The next day, the head Maintenance Guy from our Apartment Complex dropped by. He took one look at my pregnant belly and said yes to an entire apartment make-over- For FREE! Because we're going on our fourth year in the same apartment, he said we could have all of our walls repainted, new carpet laid, a new dishwasher installed and a new ice-maker for the refrigerator.
We saw Head Maintenance Guy later as our family walked to the pool for a swim. We all gave him a happy wave. My husband said 'You know the maintenance guy only did this because he's got a soft spot for children and he wants to make life better for a pregnant woman."
I started to protest, "I'm sure it's thanks to my great negotiating skills! I know my tenant rights. I used to be an attorney, you know."
My husband rolled his eyes at my naivete. "Abby, we rent a two bedroom apartment in a giant complex in a major Metropolitan City. We are so not on the VIP treatment list. You got that us that star-quality apartment treatment because the guy has a soft spot for struggling, sweet families."
"Well, may our Father in Heaven repay him," I said.
This afternoon, I heard a knock at my door. Outside was our elderly Jewish neighbor who is a recent immigrant from Israel. "Do you want two new couches?" he asked quietly. "My daughter is cleaning out her storage locker. She has two nice matching sofas and no where to put them. Would you come look at them?"
I put on some flip flops and followed him outside. In a rented garage, I saw two sandy brown sofas under piles of Israeli art and children's toys. "They look great!" I said.
"I'll call my son and have him bring them over to your house today," my neighbor said.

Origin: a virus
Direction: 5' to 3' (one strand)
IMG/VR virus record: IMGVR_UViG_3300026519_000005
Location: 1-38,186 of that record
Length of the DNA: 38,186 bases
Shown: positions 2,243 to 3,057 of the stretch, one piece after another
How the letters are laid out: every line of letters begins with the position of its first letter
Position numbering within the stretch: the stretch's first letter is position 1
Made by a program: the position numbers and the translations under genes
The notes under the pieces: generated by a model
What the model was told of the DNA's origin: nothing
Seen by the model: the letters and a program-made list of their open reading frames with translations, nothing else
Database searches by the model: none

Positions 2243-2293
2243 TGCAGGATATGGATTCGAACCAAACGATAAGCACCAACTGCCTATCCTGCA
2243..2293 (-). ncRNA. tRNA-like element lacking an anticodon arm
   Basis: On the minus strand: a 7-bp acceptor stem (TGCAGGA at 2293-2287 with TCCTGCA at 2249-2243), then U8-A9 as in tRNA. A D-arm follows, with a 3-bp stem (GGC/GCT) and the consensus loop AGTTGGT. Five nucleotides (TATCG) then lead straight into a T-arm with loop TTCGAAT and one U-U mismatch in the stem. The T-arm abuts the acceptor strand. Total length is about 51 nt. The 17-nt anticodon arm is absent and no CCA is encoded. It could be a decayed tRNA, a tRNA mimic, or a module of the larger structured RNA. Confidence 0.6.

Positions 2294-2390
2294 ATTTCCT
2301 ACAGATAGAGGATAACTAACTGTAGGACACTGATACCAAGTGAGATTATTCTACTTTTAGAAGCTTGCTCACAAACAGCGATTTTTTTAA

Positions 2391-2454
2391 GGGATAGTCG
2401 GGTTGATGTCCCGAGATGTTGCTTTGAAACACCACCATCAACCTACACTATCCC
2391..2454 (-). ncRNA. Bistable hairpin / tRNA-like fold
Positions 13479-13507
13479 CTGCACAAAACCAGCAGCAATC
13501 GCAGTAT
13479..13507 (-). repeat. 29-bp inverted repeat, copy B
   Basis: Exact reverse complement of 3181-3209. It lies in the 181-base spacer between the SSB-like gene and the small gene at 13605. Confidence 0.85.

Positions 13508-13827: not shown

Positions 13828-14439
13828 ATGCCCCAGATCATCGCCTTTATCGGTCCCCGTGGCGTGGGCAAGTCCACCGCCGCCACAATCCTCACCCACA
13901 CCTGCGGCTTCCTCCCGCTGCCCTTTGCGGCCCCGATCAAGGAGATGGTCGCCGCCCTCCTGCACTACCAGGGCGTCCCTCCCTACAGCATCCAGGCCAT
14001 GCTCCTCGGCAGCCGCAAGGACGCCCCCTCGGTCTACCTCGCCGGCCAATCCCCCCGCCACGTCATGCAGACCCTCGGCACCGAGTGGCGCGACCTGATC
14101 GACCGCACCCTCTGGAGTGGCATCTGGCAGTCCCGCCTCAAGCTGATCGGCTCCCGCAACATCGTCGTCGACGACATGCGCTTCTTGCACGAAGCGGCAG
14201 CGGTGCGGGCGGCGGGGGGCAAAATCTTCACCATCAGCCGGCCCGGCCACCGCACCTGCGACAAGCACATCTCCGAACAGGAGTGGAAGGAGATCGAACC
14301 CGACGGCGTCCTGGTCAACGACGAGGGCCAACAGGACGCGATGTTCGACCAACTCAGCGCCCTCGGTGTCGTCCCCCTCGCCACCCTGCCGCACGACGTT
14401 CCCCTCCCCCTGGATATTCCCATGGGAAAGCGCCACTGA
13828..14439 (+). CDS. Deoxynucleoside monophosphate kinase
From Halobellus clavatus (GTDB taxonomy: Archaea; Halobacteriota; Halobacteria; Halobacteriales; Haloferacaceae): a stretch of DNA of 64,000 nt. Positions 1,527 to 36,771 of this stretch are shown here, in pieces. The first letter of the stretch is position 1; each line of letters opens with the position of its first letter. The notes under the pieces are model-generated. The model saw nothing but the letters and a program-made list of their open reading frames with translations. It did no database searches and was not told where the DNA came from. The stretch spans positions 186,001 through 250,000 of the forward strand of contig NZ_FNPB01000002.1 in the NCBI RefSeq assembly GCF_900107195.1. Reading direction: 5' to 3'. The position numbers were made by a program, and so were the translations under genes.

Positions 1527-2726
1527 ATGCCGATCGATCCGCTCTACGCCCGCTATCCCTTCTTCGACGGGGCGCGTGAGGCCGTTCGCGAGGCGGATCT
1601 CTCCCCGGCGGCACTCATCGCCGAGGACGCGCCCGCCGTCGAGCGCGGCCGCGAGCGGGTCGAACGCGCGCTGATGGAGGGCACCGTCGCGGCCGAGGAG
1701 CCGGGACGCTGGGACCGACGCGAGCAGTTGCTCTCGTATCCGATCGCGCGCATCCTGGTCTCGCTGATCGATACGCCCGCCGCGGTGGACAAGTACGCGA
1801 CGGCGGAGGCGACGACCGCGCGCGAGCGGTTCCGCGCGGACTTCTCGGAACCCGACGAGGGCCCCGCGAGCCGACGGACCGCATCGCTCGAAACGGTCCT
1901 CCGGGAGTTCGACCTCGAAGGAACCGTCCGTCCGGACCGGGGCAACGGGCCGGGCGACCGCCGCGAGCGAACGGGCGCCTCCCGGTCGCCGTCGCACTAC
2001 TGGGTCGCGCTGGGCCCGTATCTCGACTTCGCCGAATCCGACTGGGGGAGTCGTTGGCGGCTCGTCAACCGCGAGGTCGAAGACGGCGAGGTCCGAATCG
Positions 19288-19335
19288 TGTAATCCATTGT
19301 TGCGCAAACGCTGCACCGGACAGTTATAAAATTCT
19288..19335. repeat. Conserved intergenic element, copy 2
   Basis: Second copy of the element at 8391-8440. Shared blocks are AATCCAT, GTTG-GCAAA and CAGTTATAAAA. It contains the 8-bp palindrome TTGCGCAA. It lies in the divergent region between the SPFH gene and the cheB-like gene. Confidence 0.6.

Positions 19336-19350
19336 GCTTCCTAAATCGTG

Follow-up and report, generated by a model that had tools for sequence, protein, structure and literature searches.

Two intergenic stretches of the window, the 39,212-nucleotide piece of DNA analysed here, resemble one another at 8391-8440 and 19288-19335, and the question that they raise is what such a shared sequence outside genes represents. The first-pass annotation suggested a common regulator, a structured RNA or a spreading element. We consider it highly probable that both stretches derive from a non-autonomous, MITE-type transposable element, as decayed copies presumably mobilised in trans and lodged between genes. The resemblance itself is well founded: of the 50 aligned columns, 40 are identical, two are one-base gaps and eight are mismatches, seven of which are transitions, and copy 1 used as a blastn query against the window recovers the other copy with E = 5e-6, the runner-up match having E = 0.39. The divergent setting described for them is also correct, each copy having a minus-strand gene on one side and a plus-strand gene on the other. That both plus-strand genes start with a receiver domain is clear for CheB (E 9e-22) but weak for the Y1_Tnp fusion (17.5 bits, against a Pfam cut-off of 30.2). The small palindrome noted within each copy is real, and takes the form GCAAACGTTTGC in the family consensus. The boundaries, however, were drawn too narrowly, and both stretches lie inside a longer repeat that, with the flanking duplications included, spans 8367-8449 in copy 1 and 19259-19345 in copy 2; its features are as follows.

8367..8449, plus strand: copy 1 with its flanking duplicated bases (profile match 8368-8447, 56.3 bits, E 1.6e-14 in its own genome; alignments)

A few hours later, three sweet Jewish men entered my house, my neighbor (the grandfather), his son, and his grandson. The trio smiled at my children and chatted in Hebrew together (or Aramaic? What do they speak in Israel in these modern days?). All three men sweated with the effort of hauling couches in the hot Southern sun, yet all remained cheerful about this gift of charity.
The son, Paul, said that he had three girls. One of the little girl's name in Hebrew means "Footprint of God." "Do you have three girls?" Paul asked looking at Hannah and Maria bouncing happily in front of him.
"My other child is a son," I said. "I will have three girls in August!" and I rubbed my pregnant belly.
"I bring you a crib!" Paul said.
"What?" I asked.
"A crib. I got a nice crib in storage. From Sears. Color of deep wood. Nobody in my house use anymore. You home all the time? I bring it by soon. I just love children! I love them!"
I stood there in shock, trying not to cry in my living room over three sweet Jewish men who loved children and who think that a family of six fit perfectly inside a 2 bedroom apartment. One of these men somehow guessed that I needed a new crib for a fourth baby.
God is good! I'm the apple of His eye! You are too! Living the virtue of poverty in 21st Century America is incredibly exciting. A little scary, perhaps. But very fruitful.
(Update: I received the car seat today from my Sister today. It's perfect! It's in near perfect condition with an elaborate stroller attachment.)